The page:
10 Reasons Montgomery Bus Boycott Is One Of Greatest Examples Of Collective Black Power In U.S. History

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Before the 13 Months, There Was One Day

After Parks’ arrest, city leaders called for a one-day protest of the city’s buses, to be held on December 5, 1955. Leaflets were handed out throughout the Black community, according to a history recounted on Stanford University’s website. E. D. Nixon, past leader of the Montgomery chapter of the NAACP, called local Black leaders, including Ralph Abernathy and King, to a planning meeting, which was held at King’s church, Dexter Avenue Baptist Church. The boycott was a resounding success: 90 percent of Montgomery’s Black citizens stayed off the buses. That afternoon, the city’s ministers and leaders met to discuss the possibility of extending the boycott into a long-term campaign.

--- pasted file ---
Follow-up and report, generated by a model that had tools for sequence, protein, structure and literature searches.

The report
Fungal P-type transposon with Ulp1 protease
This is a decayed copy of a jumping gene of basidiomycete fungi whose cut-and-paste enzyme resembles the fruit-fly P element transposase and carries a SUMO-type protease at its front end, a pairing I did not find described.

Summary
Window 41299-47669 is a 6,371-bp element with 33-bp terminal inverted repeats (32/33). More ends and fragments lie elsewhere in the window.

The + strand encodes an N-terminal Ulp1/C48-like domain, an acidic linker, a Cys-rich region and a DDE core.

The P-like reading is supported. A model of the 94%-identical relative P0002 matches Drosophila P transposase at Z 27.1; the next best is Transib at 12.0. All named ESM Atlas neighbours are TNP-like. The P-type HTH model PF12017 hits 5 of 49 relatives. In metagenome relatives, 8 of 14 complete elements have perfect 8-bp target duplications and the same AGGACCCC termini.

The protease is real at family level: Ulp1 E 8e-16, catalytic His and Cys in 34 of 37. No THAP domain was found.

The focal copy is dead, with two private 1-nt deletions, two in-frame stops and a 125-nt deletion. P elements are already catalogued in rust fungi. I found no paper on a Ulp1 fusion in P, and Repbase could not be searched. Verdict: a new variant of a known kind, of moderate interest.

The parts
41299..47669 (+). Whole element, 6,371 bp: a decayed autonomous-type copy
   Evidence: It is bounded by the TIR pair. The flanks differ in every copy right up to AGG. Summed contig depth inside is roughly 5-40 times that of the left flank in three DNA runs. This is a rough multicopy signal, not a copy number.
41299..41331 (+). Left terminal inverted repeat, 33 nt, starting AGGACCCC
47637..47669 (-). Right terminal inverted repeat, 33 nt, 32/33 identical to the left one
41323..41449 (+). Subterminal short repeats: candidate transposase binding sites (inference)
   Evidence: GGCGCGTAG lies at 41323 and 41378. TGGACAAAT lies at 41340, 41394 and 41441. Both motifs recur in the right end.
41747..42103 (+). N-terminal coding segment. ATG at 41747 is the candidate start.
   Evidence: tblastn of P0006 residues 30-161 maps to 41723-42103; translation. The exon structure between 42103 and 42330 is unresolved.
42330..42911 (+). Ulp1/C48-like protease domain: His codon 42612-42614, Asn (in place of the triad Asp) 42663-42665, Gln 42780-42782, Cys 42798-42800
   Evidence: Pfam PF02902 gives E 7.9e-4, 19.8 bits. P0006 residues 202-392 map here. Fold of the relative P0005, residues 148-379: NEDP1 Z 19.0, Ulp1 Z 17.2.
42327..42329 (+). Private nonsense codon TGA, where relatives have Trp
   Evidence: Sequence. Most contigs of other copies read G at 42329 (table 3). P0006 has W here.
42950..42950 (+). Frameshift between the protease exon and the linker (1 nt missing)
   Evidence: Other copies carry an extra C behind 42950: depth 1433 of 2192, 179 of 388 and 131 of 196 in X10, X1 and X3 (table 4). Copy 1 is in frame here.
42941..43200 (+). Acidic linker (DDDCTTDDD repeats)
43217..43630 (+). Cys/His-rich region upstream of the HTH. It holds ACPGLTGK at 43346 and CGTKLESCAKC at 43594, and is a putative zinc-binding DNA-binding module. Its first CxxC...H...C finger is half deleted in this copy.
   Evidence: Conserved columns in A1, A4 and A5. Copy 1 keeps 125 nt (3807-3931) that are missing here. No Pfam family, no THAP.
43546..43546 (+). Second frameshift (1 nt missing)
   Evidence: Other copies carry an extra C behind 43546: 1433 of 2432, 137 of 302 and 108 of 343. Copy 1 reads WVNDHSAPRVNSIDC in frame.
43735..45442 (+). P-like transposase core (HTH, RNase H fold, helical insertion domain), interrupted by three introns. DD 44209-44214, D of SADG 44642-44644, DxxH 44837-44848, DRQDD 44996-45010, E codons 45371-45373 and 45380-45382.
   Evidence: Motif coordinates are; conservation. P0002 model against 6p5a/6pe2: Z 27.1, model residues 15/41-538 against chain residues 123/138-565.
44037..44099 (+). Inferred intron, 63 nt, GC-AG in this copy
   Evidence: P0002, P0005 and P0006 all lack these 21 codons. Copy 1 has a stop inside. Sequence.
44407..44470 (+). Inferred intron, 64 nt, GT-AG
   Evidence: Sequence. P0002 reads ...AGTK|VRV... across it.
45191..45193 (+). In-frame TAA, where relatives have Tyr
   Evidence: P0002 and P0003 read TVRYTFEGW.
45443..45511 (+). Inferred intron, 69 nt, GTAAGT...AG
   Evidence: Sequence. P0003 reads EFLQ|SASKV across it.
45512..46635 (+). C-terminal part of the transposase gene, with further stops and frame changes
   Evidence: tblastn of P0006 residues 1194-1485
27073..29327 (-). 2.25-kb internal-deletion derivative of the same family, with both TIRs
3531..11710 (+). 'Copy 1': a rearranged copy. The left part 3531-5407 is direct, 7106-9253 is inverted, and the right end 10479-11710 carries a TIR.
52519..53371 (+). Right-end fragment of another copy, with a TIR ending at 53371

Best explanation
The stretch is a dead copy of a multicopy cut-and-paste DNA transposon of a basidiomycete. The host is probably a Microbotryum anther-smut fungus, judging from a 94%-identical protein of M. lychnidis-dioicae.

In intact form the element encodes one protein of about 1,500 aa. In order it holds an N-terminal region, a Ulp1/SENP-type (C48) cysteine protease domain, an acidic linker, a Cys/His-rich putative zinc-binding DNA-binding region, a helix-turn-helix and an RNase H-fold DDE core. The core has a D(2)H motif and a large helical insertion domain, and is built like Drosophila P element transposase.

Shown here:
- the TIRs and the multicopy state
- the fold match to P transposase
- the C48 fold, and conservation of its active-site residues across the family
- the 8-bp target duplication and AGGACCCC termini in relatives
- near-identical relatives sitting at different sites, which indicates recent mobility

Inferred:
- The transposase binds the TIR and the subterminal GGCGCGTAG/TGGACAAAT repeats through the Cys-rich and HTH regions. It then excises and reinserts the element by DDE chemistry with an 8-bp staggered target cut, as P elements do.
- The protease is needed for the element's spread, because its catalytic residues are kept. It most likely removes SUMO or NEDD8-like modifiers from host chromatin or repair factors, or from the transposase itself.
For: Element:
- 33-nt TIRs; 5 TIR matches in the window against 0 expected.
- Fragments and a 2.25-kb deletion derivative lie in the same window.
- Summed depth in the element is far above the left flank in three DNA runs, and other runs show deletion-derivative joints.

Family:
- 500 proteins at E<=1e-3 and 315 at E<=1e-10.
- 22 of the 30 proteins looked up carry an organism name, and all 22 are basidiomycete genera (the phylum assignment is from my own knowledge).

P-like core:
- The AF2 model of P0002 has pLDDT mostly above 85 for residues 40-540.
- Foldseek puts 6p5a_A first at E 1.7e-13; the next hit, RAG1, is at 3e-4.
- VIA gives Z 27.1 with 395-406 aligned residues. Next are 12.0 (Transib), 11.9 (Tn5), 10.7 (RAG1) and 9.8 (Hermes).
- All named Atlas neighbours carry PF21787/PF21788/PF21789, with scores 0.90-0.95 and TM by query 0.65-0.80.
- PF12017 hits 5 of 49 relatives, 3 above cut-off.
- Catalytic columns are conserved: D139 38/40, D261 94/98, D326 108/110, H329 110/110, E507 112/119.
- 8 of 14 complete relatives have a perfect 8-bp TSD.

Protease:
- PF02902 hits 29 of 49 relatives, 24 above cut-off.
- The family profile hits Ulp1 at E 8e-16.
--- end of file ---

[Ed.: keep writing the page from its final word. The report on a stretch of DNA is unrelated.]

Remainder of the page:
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King Was Elected Leader of the Group Because of His Lack of Popularity

Just 26 at the time, King, who had just received his doctorate in systematic theology from Boston University and arrived for his first ministerial position at the Dexter Avenue Baptist Church, was elected leader of the new group, Montgomery Improvement Association. Rosa Parks explained why he was picked: ‘‘The advantage of having Dr. King as president was that he was so new to Montgomery and to civil rights work that he hadn’t been there long enough to make any strong friends or enemies.’’